The struggle for Tyson's body and his soul has been going on for two months, and with only 2½ weeks left before he faces Michael Spinks in Atlantic City in the most difficult bout of his life, there has been no sign of its letting up. Tyson's handlers have tried to sequester him from what they refer to as the "distractions" that have been occupying his thoughts. But from his camp in the Cats-kills there were rumblings of "explosions" and the fighter's "threatening to walk out on the fight" every time some new shred of gossip about the ardors of his inner circle emerged.

By the first effulgence of spring, everyone in Tyson's orbit seemed to be professing his or her undying love for someone else in the entourage. Love was everywhere, and people were slinging it so freely you needed boots just to walk around in the stuff. Mike loved Robin (and, of course, Ruth); Robin loved Mike (and, of course, Ruth); and, of course, Ruth loved Robin (and, uh, Mike). Presumably, with all this adoration around, the couple was reluctant to spoil the mood by drafting a prenuptial agreement, preferring instead to go the more traditional till-death-do-us-part route. "Michael said if I ever divorced him, he'd kill me," Givens told PEOPLE shortly after returning from her honeymoon, her heart still mantled with the sticky sweet dew of love.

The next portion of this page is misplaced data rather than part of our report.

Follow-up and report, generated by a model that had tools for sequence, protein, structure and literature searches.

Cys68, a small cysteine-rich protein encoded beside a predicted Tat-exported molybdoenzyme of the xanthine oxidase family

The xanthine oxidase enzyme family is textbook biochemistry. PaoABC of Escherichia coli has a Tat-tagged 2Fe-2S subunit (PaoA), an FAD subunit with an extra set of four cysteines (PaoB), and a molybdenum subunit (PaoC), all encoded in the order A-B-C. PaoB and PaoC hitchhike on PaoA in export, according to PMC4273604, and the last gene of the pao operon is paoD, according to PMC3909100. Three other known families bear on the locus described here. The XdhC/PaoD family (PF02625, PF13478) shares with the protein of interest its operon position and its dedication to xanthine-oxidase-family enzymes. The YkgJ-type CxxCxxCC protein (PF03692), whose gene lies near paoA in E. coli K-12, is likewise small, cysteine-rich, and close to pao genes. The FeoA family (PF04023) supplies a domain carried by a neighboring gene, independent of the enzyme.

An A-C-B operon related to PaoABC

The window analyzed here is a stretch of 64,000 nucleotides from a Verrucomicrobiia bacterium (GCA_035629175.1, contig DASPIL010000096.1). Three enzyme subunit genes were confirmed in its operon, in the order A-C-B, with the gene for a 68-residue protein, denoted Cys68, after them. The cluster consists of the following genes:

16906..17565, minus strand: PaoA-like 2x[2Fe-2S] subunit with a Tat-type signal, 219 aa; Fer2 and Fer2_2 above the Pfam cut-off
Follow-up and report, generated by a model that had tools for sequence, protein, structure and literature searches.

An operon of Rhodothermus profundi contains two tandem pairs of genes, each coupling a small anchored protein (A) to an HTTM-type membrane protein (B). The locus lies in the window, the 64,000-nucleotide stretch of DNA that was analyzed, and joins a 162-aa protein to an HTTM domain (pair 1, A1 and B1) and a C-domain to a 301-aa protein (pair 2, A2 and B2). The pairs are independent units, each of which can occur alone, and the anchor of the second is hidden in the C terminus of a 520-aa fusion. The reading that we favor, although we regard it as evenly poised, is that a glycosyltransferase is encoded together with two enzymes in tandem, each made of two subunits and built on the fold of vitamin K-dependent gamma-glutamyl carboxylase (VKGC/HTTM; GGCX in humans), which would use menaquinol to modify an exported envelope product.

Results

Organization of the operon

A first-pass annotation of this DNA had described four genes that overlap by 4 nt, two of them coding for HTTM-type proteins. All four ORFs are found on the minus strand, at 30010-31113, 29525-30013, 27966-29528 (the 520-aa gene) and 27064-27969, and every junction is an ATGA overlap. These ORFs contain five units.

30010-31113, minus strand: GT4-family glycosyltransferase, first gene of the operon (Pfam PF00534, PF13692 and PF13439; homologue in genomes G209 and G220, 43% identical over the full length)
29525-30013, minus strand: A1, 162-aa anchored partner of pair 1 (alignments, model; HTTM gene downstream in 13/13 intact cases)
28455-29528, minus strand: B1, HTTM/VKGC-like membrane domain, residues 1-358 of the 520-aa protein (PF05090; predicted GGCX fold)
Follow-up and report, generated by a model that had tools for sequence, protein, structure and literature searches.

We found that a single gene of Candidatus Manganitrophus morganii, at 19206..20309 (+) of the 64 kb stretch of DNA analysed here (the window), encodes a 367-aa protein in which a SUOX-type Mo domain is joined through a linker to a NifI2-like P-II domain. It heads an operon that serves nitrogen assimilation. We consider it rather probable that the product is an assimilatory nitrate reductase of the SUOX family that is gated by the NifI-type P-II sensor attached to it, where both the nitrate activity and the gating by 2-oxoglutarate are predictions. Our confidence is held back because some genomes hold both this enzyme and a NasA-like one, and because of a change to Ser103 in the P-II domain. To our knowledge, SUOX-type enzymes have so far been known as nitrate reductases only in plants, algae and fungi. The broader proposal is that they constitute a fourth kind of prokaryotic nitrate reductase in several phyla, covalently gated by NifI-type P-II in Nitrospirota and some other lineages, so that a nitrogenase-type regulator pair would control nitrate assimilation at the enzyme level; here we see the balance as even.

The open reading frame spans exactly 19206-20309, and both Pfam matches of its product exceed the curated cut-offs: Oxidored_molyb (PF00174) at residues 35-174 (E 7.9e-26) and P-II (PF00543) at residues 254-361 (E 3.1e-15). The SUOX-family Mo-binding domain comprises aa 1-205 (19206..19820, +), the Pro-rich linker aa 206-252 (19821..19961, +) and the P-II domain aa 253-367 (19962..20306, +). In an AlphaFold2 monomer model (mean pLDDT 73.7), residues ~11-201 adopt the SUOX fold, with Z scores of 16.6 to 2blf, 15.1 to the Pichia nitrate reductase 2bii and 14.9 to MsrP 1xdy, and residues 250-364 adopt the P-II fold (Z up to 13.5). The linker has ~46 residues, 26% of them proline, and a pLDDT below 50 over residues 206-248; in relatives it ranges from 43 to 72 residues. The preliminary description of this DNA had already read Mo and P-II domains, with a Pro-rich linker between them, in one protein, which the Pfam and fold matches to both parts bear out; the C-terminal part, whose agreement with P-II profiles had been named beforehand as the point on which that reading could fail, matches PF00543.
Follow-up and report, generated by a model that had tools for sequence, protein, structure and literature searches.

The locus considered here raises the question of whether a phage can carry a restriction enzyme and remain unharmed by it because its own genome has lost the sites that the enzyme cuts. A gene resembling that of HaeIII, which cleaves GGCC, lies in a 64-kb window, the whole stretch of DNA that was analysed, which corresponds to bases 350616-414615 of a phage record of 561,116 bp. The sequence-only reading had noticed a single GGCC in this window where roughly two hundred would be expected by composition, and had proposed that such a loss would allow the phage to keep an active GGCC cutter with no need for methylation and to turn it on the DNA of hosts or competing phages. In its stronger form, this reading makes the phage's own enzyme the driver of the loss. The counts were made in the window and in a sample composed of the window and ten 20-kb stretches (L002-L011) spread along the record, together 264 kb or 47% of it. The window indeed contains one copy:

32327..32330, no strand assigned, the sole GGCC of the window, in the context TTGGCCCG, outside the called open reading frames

Love has no greater fool than one whose affections are inflamed by the prospect of a financial killing. So it was not long before King was struck by cupidity's arrow and began wooing Tyson's bride and his mother-in-law, hoping to convince them that, as Tyson's new manager, he would love the champ in a way Cayton could not. Over the years King has been sued by many fighters, all of whom alleged that similar romances ended badly when, they said. King did not pay them what he had promised. Most of these suits have been settled out of court, though at least one case, that of heavyweight Tim Witherspoon, is still pending. But in an interview with an Albany, N.Y., television station, Cayton said, "King is winning Tyson with the theory that blacks should stick together. Black trainer, black manager, black promoter, black, black, black."